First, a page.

In June that year, the CUPE executive board decided wholeheartedly to support the CLC’s call for a one-day general strike to protest wage controls. When the sun set on October 14, 1976, more than 100,000 CUPE members had joined one million other Canadians in the largest general strike in Canadian history. “We’re out to fight controls!” was the slogan. Speaking at the Winnipeg rally, Hartman warned the government that “the price for political deceit is political defeat.”

In 1981, at age 62, Hartman was jailed for 30 days for defying a Supreme Court order to end an illegal strike by Ontario hospital workers. She said it was a price she was glad to pay to combat what she saw as low pay and a denial of bargaining rights for the hospital workers – mostly women. “I still think hospital workers should have the right to strike. I disagree with the law and I didn’t like my time in jail,” she commented. Bob White said her decision to defy the law “was really a difficult decision for her to make – she put herself on the line.” Son Warren recalled that his mother’s first night in the detention centre was one of the most frightening experiences of her life. “When the doors slammed close behind her, there was nothing she could do. I think she felt very lost and very frightened that night.” But after she was moved to a minimum-security jail, she made the best of a bad situation.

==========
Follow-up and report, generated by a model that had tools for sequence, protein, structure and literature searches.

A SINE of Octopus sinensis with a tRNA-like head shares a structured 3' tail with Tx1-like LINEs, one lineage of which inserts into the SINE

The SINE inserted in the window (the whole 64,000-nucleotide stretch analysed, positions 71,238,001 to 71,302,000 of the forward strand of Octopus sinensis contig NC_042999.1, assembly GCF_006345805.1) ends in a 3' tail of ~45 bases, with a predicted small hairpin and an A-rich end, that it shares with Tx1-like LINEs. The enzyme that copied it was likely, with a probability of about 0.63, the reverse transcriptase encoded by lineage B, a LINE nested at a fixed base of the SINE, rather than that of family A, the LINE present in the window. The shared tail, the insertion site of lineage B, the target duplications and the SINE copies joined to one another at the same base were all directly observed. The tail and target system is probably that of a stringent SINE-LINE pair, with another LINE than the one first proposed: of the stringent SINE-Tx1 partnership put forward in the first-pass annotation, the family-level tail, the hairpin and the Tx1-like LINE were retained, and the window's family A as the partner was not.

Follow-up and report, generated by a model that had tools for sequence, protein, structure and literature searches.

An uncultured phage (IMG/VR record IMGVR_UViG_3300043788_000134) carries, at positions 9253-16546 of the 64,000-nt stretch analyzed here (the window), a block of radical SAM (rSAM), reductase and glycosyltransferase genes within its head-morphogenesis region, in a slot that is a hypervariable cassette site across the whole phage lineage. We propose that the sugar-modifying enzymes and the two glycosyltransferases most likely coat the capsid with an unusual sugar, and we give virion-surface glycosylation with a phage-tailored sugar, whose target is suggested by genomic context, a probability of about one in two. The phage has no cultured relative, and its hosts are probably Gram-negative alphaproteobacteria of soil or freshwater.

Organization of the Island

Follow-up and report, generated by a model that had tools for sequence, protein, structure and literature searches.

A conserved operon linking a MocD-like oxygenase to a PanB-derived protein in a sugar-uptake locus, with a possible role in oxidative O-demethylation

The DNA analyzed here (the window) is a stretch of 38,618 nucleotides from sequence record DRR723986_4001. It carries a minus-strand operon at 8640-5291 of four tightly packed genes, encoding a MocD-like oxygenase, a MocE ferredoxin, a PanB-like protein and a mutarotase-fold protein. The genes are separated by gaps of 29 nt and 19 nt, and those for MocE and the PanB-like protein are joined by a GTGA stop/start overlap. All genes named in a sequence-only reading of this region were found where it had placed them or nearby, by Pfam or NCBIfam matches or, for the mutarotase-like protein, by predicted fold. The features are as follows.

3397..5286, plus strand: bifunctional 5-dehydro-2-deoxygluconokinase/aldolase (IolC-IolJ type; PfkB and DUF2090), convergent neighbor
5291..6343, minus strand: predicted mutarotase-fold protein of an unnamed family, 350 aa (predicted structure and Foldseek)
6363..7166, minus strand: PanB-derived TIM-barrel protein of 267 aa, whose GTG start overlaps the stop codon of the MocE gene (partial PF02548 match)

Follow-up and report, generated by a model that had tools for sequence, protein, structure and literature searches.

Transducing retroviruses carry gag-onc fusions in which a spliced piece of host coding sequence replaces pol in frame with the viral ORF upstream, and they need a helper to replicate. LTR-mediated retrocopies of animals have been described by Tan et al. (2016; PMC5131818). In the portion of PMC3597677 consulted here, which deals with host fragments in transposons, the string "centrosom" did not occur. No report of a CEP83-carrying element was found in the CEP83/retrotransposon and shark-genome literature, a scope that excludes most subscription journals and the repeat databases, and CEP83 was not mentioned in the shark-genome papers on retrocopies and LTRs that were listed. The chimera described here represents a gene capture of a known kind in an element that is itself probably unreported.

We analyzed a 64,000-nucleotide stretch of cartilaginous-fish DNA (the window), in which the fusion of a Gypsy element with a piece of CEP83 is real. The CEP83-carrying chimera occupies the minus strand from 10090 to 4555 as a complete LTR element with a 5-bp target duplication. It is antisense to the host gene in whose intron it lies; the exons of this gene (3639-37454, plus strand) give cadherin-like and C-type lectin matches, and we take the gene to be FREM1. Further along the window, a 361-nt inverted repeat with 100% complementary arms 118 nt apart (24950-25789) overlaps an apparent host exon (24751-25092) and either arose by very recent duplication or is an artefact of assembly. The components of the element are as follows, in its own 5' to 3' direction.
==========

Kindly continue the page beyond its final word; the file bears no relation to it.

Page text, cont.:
Altogether, 36 hospital workers were fired, 3,442 were suspended, and 5,582 received disciplinary letters as a result of participation in the strike. In the months following, CUPE successfully fought the employers’ actions through arbitration.

In 1983, at age 65, with CUPE’s membership at 294,633, and with eight hectic years as president of Canada’s largest union behind her, Grace Hartman decided to do what most workers do when they reach retirement age – retire.

“The federal and provincial governments have enacted no fewer than 17 pieces of legislation since our 1981 convention that are aimed at crippling public sector unions and suspending their rights,” Hartman said in her last address as CUPE president. “The task we have before us is no less than the preservation of a decent, caring, civilized society.”